“Las Vegas is a poster child for the excesses of the real estate bubble. Land that was bid up to astronomical levels now sits vacant, strewn with half-finished projects that were abandoned when funding dried up. Overcapacity from the construction boom has made life difficult, even for experienced operators. Just look at Las Vegas Sands Corp. (LVS), which owns the glitzy Venetian and Palazzo mega-resorts. The shares ran up to the exorbitant price of $148 in October 2007 amid unbridled optimism. But they plummeted 99% over the next 18 months. By March 2009, you could pick up LVS for about the price of a cup of coffee—$1.38 per share. Clearly, the market overcorrected to the downside. The stock has since clawed its way back to $47. Bargain hunters who invested just $1,380 to scoop up 1,000 shares at the bottom are now sitting on a cool $47,000.
“I was recently booking a trip to Las Vegas, and was encouraged to see standard Venetian hotel rooms priced at $289 per night midweek. Higher-end accommodations were $359 and up. Sure, I’d like to snag a room for half that, but the higher prices are indicative of a recovery. One of the quickest ways to gauge the health of a resort is revenues per available room (RevPAR), a metric that reflects both occupancy and pricing. If the resort is full (and not marked down just to fill beds), then demand is healthy. Keep in mind, those hotel visitors don’t just sit in their rooms. They will book show tickets, reserve time at the spa, have a few meals, and spend some time rolling the dice. Looking at the latest numbers from the quarter ended Sept. 30, Las Vegas Sands’ Venetian and Palazzo properties were 92.7% occupied at an average daily rate of $191, for a RevPAR of $177. That’s down from $244 at the end of 2007 before the bottom fell out of the market. But it’s a substantial improvement from the $149 at the beginning of 2011. As is usually the case, an uptick on the hotel side has translated into stronger revenue in both the retail and food and beverage categories. And on the casino floor, cash dropped at the tables bounced to $536 million last quarter, up from $476 million a year ago.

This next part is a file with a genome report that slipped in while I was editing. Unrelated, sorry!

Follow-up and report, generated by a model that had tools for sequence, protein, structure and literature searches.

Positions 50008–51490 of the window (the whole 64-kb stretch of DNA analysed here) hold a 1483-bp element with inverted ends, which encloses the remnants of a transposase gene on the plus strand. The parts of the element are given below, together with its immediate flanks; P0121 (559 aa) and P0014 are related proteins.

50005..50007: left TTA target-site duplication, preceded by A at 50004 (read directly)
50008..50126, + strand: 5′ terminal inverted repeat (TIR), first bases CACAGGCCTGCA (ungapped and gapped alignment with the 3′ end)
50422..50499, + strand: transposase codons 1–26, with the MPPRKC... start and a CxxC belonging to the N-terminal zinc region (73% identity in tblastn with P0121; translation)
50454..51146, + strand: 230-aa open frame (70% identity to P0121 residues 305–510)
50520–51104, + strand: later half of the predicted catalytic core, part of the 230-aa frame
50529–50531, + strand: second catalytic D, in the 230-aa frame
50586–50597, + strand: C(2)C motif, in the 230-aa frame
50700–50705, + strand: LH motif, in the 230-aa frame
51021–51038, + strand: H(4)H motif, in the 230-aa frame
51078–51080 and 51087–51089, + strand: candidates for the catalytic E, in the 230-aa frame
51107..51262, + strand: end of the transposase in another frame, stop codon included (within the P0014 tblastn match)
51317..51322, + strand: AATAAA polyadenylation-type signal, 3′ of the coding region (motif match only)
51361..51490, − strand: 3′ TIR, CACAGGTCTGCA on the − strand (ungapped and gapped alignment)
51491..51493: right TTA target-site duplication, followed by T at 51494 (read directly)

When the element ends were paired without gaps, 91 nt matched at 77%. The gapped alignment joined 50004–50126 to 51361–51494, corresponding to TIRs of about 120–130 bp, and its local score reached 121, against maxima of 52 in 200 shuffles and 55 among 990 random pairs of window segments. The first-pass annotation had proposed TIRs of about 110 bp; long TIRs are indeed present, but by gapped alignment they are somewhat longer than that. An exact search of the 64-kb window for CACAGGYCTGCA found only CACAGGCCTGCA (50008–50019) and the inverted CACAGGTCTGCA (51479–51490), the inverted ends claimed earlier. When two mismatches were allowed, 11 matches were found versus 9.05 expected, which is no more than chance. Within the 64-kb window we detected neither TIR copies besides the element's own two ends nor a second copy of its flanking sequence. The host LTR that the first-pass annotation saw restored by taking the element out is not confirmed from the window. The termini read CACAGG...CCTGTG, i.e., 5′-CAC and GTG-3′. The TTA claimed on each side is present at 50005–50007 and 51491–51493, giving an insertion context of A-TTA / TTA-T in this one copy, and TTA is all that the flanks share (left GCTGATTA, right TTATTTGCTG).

“But this isn’t about the Las Vegas properties. In fact, Sin City only accounts for about 10% of the company’s profits. Most comes from Macau, a vibrant gaming enclave and tourist destination a few miles from Hong Kong in the South China Sea. For years, Macau was referred to as the Las Vegas of China. But that’s not even a fair comparison any more—Macau’s gaming revenue overtook Las Vegas in 2006, and today its wins are about five times larger. Las Vegas may pocket about $6 billion in gaming wins annually. But Macau’s casinos collected $33.6 billion in 2011, an impressive 42% growth rate from 2010.
“Macau is the only venue in town (gaming on the mainland is restricted) so the region draws heavily from a population of 1.3 billion people that live within a short three-hour flight. Las Vegas Sands’ Venetian Macao resort has been a hit with both high-rollers and everyday players since it opened. Even in the first three months of 2009, when Macau’s total visitor count dropped almost 10%, the Venetian Macau saw a 14% increase (six million visitors). This glamorous resort, which anchors the famed Cotai Strip, almost prints cash. Players pumped $897 million into the casino’s slots in the quarter ended Sept. 30 (6.4% of which never came out). And rolling chip volume (a measure of VIP play) rose 15% from a year earlier to $12.7 billion, most of which was wagered on high-stakes baccarat tables. …”
This free excerpt is only a portion of Nathan Slaughter’s recommendation of LVS.
Nathan Slaughter, StreetAuthority’s Market Advisor, 1/24/12